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From the moment the girls walk into the A&P, they attract the gaze of every man in the store, which demonstrates the power their sexuality gives them over the opposite sex. Although they make a point of acting nonchalant (Queenie more successfully than the other two), the girls are well aware of the eyes tracking their every move. As long as the girls do not acknowledge the men’s interest, they are in a position of power—inspiring desire but not subject to it. Their strategy works well, and the A&P’s male employees—even the unyielding Lengel—show some degree of sexual interest. However, Lengel ultimately undermines this strategy and tries to lessen their power. By confronting the girls so bluntly, Lengel calls the girls on their behavior, embarrassing them by suggesting that they are well aware of the inappropriateness of their attire. Queenie’s claim—“We are decent”—is an attempt to reestablish their superior position, implying that it is Lengel who is being inappropriate.
The girls have a profound transformative effect on the men in the A&P, especially Sammy. They inspire the men to act piggishly, as they stare at the girls while making lewd comments to one another. For these men, their response seems rooted in hormones, and Lengel’s attempt to get the girls to respect social norms is an effort both to control the desire of such young men and to protect the girls from it. In Sammy, however, the girls inspire a more profound reaction. Under the influence of his desire for Queenie, Sammy’s imagination is awakened, and he takes a dramatic step to change his life. Sammy’s actions are not purely motivated by his desire, but they are inseparable from it.
Throughout the story, Sammy exhibits prowess in both observing others and gleaning insights from those observations, but the girls suggest to him the true mystery of other minds. When a customer reprimands Sammy for a mistake, Sammy characterizes the woman as a witch straight out of Salem and thinks, “I know it made her day to trip me up.” For Sammy, the customers at the A&P are all too easy to understand. The same holds true for Stokesie and Lengel, who Sammy believes he has thoroughly figured out. When the girls enter the store, however, Sammy wonders what on earth they’re thinking. Although Sammy makes an effort to understand the girls, especially Queenie, and believes that he is successful, his confidence is undermined by his actions at the end of the story. His grand gesture of sympathy for the girls—his quitting—goes unnoticed, and his motivations are muddled and confused. He is left with a sense that, for all his ability to observe and understand others, he must now turn his inquisitive eye on himself.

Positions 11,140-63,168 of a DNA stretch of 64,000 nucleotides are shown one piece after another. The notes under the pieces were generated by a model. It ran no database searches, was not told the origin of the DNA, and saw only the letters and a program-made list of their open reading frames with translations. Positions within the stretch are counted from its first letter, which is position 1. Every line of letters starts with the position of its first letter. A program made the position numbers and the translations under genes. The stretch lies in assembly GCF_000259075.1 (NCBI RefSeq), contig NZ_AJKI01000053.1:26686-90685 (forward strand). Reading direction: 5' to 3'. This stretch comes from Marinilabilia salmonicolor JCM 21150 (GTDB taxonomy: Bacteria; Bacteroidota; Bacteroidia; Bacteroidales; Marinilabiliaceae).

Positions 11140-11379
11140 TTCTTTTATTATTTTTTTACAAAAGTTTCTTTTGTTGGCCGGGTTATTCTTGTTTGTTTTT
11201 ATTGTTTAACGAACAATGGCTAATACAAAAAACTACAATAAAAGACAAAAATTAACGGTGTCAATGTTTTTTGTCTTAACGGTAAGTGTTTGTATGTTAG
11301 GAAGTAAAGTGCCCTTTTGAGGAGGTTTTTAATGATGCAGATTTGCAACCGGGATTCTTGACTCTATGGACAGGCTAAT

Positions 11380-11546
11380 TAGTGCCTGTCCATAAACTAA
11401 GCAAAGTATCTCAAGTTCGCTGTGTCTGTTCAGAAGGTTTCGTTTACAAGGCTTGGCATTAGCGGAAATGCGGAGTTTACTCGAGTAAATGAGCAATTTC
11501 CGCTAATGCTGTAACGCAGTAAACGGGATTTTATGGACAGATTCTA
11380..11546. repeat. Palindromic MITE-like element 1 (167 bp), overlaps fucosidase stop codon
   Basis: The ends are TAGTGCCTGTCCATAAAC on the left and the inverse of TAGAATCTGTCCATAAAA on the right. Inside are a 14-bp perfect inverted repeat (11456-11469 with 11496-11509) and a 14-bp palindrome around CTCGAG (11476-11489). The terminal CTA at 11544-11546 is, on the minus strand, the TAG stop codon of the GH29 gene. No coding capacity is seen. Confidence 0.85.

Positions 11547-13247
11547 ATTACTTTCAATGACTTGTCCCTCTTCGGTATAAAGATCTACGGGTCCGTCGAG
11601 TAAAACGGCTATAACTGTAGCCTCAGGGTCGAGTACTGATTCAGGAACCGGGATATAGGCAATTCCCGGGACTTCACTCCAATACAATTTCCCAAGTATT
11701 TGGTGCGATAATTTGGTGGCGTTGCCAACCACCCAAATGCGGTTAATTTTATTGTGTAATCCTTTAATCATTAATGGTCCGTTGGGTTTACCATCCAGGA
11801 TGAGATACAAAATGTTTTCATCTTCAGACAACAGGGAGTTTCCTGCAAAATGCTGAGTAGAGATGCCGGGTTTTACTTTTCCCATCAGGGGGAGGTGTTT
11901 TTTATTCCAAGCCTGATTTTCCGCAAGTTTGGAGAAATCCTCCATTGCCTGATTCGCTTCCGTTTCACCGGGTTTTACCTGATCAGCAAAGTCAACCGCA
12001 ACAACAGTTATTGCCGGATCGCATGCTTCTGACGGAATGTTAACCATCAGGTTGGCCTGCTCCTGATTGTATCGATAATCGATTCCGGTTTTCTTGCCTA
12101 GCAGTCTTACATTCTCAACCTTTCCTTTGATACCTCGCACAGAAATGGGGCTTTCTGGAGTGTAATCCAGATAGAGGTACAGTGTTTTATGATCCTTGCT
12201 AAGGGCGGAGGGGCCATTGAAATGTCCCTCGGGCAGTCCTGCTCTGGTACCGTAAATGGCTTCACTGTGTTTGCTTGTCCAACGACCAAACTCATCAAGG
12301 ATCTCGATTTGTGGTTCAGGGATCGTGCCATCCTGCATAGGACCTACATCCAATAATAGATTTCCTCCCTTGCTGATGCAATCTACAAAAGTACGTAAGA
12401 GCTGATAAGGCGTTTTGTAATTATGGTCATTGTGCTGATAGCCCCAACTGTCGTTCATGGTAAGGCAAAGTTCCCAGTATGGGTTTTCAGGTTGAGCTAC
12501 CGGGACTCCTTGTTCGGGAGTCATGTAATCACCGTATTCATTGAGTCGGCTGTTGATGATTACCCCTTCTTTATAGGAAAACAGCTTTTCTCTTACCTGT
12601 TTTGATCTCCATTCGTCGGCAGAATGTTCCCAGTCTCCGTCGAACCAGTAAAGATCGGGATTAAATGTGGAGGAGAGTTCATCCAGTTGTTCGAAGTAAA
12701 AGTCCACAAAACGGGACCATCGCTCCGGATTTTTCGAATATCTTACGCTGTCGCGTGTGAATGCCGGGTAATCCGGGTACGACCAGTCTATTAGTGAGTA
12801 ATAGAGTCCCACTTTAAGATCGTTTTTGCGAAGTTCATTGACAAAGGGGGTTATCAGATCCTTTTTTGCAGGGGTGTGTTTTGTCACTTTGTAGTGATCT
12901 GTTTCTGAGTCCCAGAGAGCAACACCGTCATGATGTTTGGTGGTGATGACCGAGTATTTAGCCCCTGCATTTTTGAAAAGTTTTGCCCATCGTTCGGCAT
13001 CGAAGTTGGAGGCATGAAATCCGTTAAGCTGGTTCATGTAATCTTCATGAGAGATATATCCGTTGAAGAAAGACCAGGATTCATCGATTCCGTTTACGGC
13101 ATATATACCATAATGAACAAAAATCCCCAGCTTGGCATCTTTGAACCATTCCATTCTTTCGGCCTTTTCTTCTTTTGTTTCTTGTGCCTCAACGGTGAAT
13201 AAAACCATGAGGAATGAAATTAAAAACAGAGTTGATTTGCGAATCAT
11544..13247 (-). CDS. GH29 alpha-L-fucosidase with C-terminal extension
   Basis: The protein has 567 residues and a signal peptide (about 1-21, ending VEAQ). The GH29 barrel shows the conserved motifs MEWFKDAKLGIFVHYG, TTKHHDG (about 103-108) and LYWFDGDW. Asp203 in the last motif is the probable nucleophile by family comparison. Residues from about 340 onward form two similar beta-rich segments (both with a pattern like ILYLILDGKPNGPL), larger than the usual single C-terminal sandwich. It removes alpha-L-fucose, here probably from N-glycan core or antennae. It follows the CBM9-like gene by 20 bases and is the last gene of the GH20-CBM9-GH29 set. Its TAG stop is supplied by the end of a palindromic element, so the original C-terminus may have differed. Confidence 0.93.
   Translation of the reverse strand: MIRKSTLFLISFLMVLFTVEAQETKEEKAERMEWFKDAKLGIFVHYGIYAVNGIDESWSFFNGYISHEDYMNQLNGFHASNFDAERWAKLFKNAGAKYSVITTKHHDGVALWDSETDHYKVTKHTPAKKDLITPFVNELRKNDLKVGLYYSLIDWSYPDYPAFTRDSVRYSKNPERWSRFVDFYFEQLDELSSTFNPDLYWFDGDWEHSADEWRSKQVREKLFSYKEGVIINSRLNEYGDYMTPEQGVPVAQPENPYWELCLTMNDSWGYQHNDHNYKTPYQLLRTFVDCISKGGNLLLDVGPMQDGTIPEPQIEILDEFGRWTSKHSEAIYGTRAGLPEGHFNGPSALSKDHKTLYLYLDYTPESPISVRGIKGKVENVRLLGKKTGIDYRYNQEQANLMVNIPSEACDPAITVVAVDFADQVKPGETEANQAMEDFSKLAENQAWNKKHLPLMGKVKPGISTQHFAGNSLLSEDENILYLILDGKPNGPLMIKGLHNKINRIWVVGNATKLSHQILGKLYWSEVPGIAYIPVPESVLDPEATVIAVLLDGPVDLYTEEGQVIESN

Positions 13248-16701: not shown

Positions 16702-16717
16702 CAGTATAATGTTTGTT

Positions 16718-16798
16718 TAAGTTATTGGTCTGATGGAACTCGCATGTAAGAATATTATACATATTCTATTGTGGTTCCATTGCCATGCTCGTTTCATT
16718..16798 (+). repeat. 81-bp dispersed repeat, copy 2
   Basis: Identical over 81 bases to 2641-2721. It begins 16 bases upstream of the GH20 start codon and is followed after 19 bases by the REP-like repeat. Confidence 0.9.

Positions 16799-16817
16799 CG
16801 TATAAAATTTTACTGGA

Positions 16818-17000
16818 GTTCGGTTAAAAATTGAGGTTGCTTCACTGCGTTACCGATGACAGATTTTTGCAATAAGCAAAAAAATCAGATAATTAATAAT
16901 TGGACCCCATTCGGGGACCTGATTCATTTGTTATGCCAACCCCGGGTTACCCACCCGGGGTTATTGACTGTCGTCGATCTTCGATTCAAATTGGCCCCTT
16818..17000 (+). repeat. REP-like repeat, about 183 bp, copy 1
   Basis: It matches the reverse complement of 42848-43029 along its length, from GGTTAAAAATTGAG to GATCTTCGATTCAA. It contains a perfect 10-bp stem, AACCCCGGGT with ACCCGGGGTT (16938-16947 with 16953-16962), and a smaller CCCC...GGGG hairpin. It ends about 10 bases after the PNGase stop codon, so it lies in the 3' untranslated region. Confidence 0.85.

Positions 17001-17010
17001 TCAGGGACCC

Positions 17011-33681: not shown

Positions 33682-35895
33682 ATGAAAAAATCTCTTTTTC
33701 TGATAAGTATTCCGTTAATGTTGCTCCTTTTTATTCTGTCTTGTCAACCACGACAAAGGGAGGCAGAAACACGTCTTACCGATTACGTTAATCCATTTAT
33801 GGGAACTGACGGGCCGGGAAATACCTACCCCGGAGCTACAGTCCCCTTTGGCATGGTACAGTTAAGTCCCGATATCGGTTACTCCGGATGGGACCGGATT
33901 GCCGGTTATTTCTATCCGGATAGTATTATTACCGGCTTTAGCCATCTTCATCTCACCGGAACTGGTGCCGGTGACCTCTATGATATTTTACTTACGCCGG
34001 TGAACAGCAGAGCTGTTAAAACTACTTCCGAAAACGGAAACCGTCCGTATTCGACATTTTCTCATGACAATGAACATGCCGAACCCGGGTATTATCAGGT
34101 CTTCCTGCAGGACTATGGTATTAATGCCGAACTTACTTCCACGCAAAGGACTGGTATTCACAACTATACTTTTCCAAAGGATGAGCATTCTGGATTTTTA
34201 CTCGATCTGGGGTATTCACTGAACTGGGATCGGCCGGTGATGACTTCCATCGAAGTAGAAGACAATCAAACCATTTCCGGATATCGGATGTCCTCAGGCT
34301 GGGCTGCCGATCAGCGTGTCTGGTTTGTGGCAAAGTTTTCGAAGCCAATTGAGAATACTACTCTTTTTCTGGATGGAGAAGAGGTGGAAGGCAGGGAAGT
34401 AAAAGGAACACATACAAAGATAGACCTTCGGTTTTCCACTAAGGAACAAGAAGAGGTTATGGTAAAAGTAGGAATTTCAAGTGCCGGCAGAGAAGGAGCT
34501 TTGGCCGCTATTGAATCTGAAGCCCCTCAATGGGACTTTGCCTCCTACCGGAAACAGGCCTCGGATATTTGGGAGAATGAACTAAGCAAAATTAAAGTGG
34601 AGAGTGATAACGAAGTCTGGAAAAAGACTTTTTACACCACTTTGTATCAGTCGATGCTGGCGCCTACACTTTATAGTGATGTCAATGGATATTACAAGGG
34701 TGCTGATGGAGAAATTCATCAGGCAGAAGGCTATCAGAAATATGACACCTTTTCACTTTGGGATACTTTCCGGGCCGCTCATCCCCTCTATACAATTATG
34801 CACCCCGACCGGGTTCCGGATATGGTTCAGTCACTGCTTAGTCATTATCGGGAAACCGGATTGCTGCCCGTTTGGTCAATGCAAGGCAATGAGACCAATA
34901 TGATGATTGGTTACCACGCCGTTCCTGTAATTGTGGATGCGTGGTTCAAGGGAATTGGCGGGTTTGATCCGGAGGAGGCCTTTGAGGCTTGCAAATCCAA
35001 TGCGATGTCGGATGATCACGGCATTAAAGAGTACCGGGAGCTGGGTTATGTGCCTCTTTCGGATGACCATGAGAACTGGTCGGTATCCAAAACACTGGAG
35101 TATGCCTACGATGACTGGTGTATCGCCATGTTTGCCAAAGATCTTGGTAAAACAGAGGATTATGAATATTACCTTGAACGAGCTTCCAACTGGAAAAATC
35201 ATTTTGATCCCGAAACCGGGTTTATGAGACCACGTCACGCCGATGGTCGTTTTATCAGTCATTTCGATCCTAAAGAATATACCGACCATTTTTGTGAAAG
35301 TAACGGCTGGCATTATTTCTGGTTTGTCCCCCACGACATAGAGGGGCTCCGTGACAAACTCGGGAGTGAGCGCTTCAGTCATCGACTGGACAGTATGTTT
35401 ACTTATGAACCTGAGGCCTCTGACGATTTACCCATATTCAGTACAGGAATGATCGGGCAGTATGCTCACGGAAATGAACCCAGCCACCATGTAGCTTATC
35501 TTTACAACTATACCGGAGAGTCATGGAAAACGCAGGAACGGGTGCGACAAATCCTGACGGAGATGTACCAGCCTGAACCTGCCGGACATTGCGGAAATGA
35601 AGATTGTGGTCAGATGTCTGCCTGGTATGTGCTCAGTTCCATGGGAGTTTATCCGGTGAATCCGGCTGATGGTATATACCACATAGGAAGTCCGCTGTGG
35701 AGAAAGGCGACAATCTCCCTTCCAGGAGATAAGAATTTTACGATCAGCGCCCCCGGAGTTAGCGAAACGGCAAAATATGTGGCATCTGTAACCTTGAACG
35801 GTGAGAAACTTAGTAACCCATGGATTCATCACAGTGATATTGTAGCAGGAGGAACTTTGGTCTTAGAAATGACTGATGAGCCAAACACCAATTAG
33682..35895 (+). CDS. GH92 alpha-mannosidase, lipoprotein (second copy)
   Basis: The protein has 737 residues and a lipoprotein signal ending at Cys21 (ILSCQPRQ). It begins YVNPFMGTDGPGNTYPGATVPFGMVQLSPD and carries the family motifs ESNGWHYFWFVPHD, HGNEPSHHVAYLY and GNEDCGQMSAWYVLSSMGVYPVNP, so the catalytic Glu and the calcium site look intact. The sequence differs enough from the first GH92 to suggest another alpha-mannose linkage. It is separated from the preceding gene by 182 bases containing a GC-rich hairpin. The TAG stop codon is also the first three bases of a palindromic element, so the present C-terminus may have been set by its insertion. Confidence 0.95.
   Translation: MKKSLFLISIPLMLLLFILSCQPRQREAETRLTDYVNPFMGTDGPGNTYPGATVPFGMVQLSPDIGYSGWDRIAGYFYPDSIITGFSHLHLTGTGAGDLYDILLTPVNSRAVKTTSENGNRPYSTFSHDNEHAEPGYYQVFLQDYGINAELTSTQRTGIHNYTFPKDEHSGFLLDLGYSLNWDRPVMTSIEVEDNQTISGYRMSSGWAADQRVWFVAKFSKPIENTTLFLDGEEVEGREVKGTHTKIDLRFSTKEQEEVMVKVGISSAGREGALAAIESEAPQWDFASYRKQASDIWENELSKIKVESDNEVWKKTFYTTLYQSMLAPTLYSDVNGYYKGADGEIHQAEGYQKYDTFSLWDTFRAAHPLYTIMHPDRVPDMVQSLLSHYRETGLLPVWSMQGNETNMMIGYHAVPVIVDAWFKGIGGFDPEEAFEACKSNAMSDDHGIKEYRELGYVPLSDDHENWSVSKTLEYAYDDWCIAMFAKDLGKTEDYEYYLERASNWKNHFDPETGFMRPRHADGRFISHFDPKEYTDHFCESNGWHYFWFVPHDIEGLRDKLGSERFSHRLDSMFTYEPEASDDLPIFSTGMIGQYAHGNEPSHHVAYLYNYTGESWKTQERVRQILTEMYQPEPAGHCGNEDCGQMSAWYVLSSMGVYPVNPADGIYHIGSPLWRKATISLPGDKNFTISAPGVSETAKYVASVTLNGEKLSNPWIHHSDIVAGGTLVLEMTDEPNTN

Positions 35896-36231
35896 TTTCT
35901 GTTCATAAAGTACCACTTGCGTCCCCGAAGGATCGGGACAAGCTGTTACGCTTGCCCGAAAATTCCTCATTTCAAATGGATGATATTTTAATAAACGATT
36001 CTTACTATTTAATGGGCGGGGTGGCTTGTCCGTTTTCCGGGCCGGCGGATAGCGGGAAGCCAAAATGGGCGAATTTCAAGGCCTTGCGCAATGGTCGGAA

One of the things Sammy comes to understand during the course of “A&P” is how close he is to being assimilated into the corporate structure represented by the A&P. At the beginning of the story, Sammy is quite clear that he is unlike the “sheep” and “houseslaves” milling about the aisles of the store. Sammy is equally confident that he is neither a chump like Stokesie, who wants to climb the management ladder, nor a flunky like Lengel, who haggles over cabbages and hides behind his office door all day. As he surveys the scene, Sammy is comfortable behind his wised-up, sarcastic attitude. However, all this self-confidence is shaken by the three girls who enter the store in their bathing suits, and especially by the beautiful leader of the group. From the start, Updike emphasizes the disruptive effect the girls have on the usual order of the store. They immediately cause Sammy to make an error at his register, which he hardly ever does. They move against the usual traffic flow of the store, disturbing the other shoppers. And of course they completely distract all the male employees and eventually draw the disapproving attention of Lengel.
Although Sammy’s attention is riveted by the sexual display the girls make, their casual defiance of the standards of the community ultimately affects Sammy more strongly. Sammy is used to being a sarcastic, ironic observer of the rules, whereas Queenie and her friends simply ignore those rules. When Queenie defends herself against Lengel by insisting, “We are decent,” she is only trying to get out of an embarrassing situation. Sammy, however, decides that she is simply correct: youth and beauty are always decent, and natural grace should trump the world of brand names and money every time. Sammy quits because he is infatuated with the glamour and sophistication he imagines in Queenie’s life and wants to impress her. He also quits because he realizes that in a quarrel between rebellious beauty and stifling order, he wants beauty to win (even if that stifling order provides him with a paycheck).